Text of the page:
Centri blowers “re-purpose” the car’s stock IAT sensor that’s built into the mass airflow sensor (MAF). They can do this because, unlike a PD blower, a Centri unit is blowing through the MAF with boost pressure (the MAF is before the blower on a PD setup so it “sucks” through the MAF). There’s a problem with using the IAT sensor built into the MAF though. It was never designed to deal with a blower application. The IAT sensor in the stock MAF was designed to measure air temps going into the motor that weren’t under boost. That means the sensor wasn’t designed to react quickly or to deal with really high spikes in temperature. It doesn’t need to when used as intended. In a naturally aspirated use, it will never see the extreme fluctuations that a boosted application will.
What’s the net result of using an IAT sensor that wasn’t designed for blower applications? Well, it’s problematic and not accurate at all.
The biggest issue is that the IAT sensor can’t “keep up” with radical temperature changes (going into boost). So, what you get is incorrect data. It takes the IAT sensors built into MAF sensors about 8sec to stabilize or “catch up.” Here’s an example of what happens:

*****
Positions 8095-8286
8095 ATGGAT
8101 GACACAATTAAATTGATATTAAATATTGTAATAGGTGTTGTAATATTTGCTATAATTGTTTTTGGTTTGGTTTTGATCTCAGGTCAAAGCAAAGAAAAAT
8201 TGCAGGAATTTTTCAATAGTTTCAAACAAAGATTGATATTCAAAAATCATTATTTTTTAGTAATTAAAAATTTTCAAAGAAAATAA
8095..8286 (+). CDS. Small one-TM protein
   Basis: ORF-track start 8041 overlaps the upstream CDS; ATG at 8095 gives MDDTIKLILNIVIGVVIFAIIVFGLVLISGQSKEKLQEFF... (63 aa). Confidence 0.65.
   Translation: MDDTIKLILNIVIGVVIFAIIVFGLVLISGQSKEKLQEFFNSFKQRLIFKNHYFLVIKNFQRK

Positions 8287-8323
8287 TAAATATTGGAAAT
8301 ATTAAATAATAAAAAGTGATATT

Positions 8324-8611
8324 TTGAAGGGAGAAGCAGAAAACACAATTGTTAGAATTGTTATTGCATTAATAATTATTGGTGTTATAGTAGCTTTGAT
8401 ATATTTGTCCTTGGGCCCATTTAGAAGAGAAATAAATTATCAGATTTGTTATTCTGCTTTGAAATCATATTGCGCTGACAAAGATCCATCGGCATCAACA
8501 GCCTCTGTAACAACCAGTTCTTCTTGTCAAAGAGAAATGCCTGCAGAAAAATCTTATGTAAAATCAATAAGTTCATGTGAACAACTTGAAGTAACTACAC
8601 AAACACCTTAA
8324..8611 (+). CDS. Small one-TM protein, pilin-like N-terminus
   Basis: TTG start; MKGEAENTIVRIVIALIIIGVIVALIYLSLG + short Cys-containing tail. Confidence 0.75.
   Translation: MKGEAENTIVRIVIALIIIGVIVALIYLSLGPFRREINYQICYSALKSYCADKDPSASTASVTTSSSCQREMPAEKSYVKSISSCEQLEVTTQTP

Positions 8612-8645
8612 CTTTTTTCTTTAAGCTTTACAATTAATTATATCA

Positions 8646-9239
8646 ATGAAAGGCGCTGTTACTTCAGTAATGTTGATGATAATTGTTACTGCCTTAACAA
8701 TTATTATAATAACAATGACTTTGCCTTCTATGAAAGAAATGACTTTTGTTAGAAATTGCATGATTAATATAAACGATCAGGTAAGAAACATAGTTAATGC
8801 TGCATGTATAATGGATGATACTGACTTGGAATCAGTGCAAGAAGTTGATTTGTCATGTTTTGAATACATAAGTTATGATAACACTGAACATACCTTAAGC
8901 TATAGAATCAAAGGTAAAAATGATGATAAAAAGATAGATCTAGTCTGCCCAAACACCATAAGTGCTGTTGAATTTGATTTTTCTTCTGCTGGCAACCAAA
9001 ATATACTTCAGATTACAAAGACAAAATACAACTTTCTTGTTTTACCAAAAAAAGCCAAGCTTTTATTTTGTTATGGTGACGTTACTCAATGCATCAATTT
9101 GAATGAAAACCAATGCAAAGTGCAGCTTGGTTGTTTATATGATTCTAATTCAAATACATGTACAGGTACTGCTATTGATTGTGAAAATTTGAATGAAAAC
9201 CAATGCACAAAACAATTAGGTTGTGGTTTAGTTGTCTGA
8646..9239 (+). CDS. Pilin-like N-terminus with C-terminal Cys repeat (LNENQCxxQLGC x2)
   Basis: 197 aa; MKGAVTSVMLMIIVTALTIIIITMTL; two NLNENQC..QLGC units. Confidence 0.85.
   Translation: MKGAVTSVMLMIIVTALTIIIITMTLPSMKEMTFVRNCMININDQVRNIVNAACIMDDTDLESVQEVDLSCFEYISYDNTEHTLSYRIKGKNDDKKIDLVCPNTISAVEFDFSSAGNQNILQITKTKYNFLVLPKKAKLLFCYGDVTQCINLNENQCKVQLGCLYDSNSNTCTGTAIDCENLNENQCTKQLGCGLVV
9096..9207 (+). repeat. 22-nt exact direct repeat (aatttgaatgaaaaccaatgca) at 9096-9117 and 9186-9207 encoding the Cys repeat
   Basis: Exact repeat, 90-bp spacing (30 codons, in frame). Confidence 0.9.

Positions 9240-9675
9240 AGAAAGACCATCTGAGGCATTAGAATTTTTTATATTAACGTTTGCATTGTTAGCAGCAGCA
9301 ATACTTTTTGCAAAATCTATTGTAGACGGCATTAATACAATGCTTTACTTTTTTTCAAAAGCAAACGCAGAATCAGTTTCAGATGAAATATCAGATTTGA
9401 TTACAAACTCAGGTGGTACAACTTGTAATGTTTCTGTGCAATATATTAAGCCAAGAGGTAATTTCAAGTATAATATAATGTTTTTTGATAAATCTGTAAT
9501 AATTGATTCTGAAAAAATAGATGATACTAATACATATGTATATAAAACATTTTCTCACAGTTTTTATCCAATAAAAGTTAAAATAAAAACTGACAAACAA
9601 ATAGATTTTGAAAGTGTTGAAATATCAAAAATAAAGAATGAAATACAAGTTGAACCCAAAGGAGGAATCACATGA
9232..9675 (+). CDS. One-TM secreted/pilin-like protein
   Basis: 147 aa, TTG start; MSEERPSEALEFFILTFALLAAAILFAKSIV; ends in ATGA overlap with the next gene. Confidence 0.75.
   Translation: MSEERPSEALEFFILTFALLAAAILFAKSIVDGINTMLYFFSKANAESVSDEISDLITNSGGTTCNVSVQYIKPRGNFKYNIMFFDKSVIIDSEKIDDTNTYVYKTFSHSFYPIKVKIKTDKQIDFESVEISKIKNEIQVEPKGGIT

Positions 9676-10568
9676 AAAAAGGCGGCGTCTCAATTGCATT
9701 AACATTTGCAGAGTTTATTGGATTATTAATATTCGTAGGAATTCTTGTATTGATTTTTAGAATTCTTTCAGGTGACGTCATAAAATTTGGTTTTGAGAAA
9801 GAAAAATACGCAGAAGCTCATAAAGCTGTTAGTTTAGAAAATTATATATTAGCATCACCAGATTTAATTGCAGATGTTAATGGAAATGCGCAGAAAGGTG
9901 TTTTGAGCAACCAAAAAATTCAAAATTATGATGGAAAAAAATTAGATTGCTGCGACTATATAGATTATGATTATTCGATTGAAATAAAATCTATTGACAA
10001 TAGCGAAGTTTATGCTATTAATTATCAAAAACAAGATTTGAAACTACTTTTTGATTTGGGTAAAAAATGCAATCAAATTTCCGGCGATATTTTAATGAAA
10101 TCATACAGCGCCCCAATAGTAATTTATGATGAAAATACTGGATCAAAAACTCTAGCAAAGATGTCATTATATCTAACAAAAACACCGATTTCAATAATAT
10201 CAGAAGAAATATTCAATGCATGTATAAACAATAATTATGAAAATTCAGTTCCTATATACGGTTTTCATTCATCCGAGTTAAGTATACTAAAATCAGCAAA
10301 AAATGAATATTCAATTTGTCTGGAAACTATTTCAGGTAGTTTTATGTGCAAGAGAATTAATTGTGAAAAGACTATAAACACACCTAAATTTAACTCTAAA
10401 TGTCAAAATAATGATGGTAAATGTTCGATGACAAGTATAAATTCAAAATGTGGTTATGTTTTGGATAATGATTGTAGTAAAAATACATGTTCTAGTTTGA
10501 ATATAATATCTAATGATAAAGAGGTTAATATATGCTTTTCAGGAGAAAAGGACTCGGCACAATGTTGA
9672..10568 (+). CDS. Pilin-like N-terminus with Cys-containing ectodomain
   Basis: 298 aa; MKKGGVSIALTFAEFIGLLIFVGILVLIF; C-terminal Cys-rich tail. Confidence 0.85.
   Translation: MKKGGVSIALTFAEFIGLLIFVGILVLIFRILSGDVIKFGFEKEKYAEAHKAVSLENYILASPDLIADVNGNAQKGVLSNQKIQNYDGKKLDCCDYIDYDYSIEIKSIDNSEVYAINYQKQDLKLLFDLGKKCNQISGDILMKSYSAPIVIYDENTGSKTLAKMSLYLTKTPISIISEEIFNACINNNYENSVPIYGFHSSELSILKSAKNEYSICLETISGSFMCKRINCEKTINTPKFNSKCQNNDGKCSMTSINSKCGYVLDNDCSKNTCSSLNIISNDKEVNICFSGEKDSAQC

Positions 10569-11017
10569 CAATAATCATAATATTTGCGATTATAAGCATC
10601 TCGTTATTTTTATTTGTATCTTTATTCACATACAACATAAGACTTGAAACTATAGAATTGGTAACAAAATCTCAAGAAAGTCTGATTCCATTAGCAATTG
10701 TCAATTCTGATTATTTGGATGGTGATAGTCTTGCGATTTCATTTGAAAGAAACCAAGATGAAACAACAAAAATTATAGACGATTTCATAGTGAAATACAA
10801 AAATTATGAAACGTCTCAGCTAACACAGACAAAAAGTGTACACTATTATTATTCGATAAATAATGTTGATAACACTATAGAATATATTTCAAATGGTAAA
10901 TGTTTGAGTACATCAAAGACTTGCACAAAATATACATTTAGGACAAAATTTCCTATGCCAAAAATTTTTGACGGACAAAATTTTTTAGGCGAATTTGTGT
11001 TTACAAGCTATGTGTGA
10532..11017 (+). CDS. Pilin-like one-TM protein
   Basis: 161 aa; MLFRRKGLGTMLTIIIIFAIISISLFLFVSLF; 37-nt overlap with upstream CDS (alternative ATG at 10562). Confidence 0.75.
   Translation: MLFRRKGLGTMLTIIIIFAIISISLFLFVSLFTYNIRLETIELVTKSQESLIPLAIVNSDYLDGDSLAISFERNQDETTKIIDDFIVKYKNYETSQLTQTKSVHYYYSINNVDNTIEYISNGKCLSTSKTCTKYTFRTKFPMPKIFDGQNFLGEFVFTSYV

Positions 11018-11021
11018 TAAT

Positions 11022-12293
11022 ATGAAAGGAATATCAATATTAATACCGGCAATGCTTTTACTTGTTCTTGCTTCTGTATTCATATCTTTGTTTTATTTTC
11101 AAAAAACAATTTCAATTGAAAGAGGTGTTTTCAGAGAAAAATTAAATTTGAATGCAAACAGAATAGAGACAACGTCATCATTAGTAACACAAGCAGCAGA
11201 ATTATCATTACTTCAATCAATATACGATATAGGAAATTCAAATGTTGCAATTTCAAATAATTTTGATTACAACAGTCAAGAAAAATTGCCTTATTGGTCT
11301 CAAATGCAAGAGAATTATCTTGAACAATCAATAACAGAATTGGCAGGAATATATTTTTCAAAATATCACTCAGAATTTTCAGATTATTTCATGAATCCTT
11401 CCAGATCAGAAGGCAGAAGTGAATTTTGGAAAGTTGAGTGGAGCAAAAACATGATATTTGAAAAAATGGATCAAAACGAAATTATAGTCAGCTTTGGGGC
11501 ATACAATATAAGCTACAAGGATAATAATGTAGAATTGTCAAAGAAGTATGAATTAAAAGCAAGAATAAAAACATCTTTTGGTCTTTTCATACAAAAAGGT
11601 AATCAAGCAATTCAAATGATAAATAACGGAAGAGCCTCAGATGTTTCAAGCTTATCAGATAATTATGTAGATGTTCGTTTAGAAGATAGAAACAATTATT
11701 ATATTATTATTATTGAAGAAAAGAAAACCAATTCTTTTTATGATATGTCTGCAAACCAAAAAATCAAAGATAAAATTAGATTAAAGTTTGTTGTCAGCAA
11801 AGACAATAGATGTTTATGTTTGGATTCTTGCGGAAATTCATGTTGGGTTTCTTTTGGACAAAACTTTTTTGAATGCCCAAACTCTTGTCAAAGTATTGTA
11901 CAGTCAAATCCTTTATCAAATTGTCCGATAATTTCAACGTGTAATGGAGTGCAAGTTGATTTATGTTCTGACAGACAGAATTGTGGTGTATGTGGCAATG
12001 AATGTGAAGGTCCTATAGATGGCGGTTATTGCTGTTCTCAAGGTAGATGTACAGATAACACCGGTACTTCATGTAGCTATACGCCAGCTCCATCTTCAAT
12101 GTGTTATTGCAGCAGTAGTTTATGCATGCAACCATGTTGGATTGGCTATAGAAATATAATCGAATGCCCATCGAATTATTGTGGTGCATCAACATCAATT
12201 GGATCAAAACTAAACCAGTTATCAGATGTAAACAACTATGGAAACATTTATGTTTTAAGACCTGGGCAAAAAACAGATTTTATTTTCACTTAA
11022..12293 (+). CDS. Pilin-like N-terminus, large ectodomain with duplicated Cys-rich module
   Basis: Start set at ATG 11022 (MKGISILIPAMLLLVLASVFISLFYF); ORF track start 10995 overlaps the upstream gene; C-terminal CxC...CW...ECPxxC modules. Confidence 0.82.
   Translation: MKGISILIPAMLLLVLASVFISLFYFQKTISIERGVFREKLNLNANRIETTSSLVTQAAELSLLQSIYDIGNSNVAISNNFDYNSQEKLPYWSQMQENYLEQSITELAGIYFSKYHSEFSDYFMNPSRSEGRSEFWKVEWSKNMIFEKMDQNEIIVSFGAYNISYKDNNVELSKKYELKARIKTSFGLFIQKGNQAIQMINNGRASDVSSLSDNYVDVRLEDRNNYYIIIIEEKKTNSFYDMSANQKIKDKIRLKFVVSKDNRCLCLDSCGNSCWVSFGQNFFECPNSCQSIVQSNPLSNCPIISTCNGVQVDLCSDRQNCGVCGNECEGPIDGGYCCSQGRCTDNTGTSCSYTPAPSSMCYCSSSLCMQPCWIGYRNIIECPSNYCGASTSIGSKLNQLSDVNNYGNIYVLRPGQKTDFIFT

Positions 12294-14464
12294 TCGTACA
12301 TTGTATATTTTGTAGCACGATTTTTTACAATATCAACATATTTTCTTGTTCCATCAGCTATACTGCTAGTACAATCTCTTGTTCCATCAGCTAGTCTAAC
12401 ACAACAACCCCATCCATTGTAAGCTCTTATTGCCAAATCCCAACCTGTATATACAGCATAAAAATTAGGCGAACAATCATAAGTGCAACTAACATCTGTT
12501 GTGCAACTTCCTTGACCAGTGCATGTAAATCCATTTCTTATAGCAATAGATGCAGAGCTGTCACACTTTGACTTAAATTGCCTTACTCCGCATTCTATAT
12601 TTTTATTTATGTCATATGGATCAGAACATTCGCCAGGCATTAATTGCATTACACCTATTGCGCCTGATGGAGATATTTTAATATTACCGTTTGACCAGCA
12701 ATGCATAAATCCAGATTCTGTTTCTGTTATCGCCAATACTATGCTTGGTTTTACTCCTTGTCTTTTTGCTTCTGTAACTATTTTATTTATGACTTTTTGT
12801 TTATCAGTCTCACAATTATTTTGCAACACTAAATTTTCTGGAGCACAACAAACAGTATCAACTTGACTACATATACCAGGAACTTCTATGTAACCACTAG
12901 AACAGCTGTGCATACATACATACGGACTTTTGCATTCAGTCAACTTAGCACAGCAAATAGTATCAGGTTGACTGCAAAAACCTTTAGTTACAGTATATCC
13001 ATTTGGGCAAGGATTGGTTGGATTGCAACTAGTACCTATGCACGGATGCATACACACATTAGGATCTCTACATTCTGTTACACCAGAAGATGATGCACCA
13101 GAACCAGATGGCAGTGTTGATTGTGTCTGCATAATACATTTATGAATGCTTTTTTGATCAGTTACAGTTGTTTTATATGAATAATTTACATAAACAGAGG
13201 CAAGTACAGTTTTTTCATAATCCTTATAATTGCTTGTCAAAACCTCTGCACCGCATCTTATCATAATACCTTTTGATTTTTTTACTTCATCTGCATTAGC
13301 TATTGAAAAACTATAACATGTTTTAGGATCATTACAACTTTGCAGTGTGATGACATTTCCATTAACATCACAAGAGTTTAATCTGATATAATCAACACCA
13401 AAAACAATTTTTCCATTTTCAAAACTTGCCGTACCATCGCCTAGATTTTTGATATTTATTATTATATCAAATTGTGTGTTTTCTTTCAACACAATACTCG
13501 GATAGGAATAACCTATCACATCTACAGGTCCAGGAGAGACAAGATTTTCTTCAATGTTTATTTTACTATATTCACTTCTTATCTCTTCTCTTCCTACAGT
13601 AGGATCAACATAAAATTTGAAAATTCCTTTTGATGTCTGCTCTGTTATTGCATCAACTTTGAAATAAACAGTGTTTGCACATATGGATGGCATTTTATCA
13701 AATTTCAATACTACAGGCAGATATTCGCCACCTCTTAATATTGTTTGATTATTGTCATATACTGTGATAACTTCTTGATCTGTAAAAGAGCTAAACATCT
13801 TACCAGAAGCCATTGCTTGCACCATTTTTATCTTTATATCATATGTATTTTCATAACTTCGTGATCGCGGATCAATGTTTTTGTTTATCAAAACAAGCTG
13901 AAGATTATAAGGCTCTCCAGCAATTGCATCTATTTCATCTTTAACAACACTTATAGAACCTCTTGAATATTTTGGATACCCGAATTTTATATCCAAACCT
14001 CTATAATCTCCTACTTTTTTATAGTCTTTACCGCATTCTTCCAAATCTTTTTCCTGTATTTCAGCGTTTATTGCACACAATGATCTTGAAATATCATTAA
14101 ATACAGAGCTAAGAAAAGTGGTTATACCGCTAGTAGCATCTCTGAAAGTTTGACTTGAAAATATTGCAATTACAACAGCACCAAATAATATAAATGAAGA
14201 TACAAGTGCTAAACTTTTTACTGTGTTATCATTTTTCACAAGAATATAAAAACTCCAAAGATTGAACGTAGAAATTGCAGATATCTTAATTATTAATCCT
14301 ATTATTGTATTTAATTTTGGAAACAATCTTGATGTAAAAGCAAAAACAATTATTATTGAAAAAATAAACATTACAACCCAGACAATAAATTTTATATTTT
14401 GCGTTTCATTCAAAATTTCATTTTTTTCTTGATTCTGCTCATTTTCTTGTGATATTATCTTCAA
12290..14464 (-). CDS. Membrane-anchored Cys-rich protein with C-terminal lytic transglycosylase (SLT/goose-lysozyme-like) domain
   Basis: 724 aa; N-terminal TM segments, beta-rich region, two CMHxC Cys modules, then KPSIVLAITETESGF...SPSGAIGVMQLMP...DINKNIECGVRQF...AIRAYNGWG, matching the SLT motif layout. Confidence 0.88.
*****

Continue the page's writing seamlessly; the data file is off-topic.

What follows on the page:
You’re cruising down the road at normal speeds and not in boost. Your IAT temps are effectively ambient, let’s say 75deg. Your car makes 10lb of boost at WOT, which is an additional 135deg (roughly), which gets you a discharge temp of about 210deg.
Now you whack the throttle wide open. Unlike the bulb style IAT sensor used with PD blowers, the MAF IAT sensor can’t keep up with that temperature change. A tuner friend did a test to show how long it takes for the IAT sensor to stabilize and actually show you the correct IAT temperature. He did this for himself, but he posted the results to help educate the public. Here’s what he found out.
It took 7.88sec for the IAT sensor to read the actual intake air temp of 142deg. The rate at which the sensor “caught up” wasn’t linear (graph below). There’s a curve to it. That means, when you first go WOT, the sensor is WAY behind. Only as time elapses does it start to catch up faster. What does this mean in the real world?